Lamis Munshed grew up in a house of music, filled with tambourines, lutes and newly carved guitars, and the scent of freshly cut timber hanging in the air like incense. But that was before the militias over-ran Basra, outlawing most sport and music and confining women like her to their homes.
“That was our livelihood,” the 26-year-old said of the vocation her father was ordered to abandon, leading to the family’s income being slashed. Although security has improved, her father is too fearful of the militias’ return to start up his business again — but Lamis, at least, has been able to restart her studies, walk down the streets and dare to dream again.
Even so, as British troops depart Basra, her life is far short of the utopia she had envisaged when Challenger tanks first rolled into town six years ago.
“When the British came first to Basra, the people’s reaction to them was fine,” she said. “Then it started to change, because of the different ideologies and the outsiders who came to Iraq to settle an account with America and the Iraqi people. We were the victims.”
Before the Saddam years and even during them, Iraq blazed a trail in the education of women, with highly qualified females earning prominent positions in many public roles as well as academia and medicine. It was hailed as a hub of learning across the region and a relatively progressive beacon which women in neighboring states could some day hope to emulate.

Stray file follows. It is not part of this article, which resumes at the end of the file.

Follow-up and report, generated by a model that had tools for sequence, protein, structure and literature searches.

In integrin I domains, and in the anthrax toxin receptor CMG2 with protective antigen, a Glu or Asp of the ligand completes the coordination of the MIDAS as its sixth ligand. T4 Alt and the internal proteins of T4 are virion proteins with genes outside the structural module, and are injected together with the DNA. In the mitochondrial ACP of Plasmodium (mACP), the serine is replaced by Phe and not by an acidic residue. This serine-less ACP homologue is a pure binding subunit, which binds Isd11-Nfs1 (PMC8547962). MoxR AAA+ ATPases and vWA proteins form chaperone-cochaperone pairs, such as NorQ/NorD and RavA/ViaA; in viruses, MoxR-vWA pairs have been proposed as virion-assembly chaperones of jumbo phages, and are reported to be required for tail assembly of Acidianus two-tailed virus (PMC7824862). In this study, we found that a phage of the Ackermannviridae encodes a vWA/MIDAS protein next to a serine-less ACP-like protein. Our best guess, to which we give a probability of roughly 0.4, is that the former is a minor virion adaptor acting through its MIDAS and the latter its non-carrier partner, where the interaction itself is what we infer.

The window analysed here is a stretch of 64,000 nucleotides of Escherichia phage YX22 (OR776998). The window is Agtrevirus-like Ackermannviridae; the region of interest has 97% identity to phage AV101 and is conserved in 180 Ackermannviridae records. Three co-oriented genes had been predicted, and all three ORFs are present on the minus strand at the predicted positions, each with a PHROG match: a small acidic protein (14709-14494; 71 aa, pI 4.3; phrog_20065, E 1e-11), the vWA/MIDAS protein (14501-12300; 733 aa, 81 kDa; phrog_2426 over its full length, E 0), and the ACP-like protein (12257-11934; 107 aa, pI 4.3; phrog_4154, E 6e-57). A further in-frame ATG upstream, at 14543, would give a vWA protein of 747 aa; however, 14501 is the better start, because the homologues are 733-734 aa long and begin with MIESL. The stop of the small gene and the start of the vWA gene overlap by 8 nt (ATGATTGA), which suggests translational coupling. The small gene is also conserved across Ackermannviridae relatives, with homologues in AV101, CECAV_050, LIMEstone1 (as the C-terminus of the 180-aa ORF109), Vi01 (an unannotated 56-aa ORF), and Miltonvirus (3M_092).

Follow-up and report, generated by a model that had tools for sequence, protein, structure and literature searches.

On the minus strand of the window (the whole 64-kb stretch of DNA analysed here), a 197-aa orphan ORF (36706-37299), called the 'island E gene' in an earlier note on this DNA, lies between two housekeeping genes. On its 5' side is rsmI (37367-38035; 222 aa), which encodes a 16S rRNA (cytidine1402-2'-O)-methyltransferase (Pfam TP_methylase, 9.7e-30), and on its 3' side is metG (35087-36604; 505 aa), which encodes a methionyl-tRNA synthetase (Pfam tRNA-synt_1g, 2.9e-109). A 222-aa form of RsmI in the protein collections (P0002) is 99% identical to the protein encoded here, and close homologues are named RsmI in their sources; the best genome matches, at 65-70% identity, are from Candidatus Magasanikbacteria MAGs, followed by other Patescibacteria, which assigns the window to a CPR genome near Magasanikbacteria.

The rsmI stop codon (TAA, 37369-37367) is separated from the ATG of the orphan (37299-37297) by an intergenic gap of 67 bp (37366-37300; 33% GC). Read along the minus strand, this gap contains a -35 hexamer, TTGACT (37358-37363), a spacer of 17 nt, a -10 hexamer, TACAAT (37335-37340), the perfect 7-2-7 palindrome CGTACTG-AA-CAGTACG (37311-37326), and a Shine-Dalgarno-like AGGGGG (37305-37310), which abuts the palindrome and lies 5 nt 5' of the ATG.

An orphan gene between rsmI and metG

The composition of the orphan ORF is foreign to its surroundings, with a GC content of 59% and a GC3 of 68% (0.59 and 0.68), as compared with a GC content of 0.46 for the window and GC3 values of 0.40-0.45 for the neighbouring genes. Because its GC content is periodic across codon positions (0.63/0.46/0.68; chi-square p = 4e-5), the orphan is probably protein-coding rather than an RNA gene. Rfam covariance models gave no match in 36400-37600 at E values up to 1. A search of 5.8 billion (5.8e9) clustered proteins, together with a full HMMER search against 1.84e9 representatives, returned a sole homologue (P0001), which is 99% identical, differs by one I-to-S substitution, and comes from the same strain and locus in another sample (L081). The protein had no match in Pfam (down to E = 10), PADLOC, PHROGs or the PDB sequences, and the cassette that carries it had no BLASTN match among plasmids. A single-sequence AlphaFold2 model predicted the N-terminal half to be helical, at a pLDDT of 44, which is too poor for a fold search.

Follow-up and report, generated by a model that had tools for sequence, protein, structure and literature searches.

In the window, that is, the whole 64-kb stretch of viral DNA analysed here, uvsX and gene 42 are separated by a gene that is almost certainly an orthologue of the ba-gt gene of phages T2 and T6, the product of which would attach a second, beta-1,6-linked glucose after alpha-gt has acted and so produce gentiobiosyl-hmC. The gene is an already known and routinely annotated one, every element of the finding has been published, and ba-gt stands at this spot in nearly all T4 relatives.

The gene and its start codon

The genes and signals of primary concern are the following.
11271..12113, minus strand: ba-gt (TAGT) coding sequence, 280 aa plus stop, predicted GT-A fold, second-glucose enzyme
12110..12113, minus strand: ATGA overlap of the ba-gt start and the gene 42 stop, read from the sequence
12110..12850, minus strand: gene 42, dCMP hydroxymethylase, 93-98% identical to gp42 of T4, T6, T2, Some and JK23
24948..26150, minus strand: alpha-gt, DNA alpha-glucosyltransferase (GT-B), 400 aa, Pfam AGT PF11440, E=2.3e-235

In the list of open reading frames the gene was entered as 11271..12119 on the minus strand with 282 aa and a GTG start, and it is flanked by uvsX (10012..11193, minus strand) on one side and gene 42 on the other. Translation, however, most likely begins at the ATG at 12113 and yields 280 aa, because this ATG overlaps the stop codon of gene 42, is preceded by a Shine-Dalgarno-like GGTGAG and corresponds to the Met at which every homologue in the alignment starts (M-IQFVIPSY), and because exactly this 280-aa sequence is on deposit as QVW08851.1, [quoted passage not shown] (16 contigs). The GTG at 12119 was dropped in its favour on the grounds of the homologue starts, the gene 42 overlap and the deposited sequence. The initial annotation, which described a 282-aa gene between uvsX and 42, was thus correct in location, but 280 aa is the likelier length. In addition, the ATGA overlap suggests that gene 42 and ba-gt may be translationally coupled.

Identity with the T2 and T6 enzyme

But it has never been easy to be a woman in Basra. Under Saddam’s rule, women in the southern city had a much more restricted life than their counterparts in other Iraqi regions.
Basran society had always lagged behind, in attitudes, as well as in tangibles. And when the British arrived in 2003, it seemed at first as though things might change for the better. “It was nice to know there was no longer a dictator looking over us,” said Basma al-Waili, an elderly Basran.
But within a couple of years, the British soldiers had retreated to their bases. Militias filled the void, bringing with them hardline Islamic teachings that made life insufferable for Basra women. Their city and the surrounding areas were ravaged by an insurgency that placed it high among the most violent enclaves in an impossibly brutal country. Many of the basic tenets of family life were simply put on hold. Ambition had to wait. Now, again, the possibility of improvement is beginning to seep into women’s minds.
“We suffered a lot,” said Nisrine Salem, 38, a physician at Basra hospital. “For 35 years we were too terrified to express our opinion. Since 2003, the change has been substantial, but we are still suffering. It’s like when a child is born, he comes from darkness to light. Now we are thinking of studying and traveling, and learning more from researchers and experts.”
Salem feels less opposition from society these days to her role as a professional.
“I think women enjoy around 80 percent to 90 percent more liberation than before,” she said. “Basra women have seized their freedom and in many ways we have broken the chains that once bound us ... The British gave us security. Now it’s up to us.”
But many other women are far less bullish, believing tribal customs and long-hated societal laws have been legitimized by the enforcement of four years of puritanical Islamic law.